1 point
21) Helicopter sound generation comes primarily from:
1 point
22) In a typical small/light helicopter the most annoying sound produced by the helicopter is due to:
1 point
23) For a typical small/light helicopter, the most annoying noise mechanism impulsive noise(BVI) occurs during
1 point
24) The most effective means of noise abatement is by increasing the distance/separation from a noise-sensitive area
1 point
25) Takeoffs are relatively quiet operations, but you can limit the total ground area exposed by using a high rate of climb and making a smooth transition to forward flight.
1 point
26) What is the recommended flyover speed in noise-sensitive areas?
1 point
27) The following are all desirable behaviour: • Fly at least as high as the heights recommended in the Fly Neighbourly Guide • Fly at the highest practical altitude when approaching metropolitan areas • Select a route into the landing area over the least populated area • Follow major thoroughfares or railway lines • Avoid flying low over residential and other densely populated areas • Select the final approach route with regard to the type of neighbourhood surrounding the landing area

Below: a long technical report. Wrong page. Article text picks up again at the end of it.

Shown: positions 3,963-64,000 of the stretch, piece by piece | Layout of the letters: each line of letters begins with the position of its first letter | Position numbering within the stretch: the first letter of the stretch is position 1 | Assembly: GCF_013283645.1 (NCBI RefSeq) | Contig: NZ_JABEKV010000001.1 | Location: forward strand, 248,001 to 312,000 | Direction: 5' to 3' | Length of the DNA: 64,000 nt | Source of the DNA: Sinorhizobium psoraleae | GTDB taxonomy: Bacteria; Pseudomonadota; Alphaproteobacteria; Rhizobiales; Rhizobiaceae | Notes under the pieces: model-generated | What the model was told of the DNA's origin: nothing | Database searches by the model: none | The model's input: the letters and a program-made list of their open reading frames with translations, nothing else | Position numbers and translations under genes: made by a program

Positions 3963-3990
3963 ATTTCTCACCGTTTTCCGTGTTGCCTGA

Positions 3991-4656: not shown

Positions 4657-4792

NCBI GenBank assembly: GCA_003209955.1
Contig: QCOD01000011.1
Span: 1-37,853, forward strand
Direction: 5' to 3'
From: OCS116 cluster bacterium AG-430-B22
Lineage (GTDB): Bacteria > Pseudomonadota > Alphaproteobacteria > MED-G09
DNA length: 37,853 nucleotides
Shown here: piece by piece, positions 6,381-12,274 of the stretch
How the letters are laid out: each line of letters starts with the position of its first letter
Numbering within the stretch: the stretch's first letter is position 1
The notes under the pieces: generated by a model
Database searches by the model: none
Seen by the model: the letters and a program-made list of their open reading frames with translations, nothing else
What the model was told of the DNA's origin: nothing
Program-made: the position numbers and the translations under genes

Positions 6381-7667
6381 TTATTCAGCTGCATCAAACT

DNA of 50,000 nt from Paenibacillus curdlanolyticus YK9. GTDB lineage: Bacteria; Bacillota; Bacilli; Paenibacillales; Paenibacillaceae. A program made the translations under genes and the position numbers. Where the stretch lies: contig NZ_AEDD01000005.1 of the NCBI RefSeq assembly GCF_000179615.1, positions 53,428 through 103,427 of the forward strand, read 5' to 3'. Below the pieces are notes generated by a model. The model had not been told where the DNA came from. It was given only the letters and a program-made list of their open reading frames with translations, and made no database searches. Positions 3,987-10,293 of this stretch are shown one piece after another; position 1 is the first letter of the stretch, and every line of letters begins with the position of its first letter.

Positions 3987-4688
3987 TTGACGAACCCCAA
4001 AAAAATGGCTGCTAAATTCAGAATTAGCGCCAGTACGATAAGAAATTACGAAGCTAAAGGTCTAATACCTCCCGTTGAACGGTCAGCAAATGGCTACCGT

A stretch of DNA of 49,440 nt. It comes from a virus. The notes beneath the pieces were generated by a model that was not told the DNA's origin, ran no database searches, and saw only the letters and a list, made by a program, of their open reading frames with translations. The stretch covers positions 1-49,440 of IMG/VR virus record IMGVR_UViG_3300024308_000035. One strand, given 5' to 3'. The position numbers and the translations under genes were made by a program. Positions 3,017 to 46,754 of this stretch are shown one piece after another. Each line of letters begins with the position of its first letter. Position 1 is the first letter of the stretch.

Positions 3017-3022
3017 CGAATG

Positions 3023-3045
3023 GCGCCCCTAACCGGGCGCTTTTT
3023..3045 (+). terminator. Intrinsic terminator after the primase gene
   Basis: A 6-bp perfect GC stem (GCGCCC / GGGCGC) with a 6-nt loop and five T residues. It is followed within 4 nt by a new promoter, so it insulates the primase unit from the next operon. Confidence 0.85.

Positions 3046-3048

1 point
28) The Fly Neighbourly Guide calls for steeper than normal approaches and different ways to start the descent depending on helicopter size. The benefits of this are: • The BVI noise generated by the main rotor can be avoided • Steep approaches ensure a greater height over noise-sensitive areas • Once the transition from cruise to approach glideslope has been made, the airspeed and rate of descent can be tailored to fit local conditions, avoid unsafe regimes, and still guarantee minimum noise
1 point
29) The noise of a passing helicopter as heard by a person on the ground will be less if it passes with which side closest to that person:
1 point
30) Wind:
1 point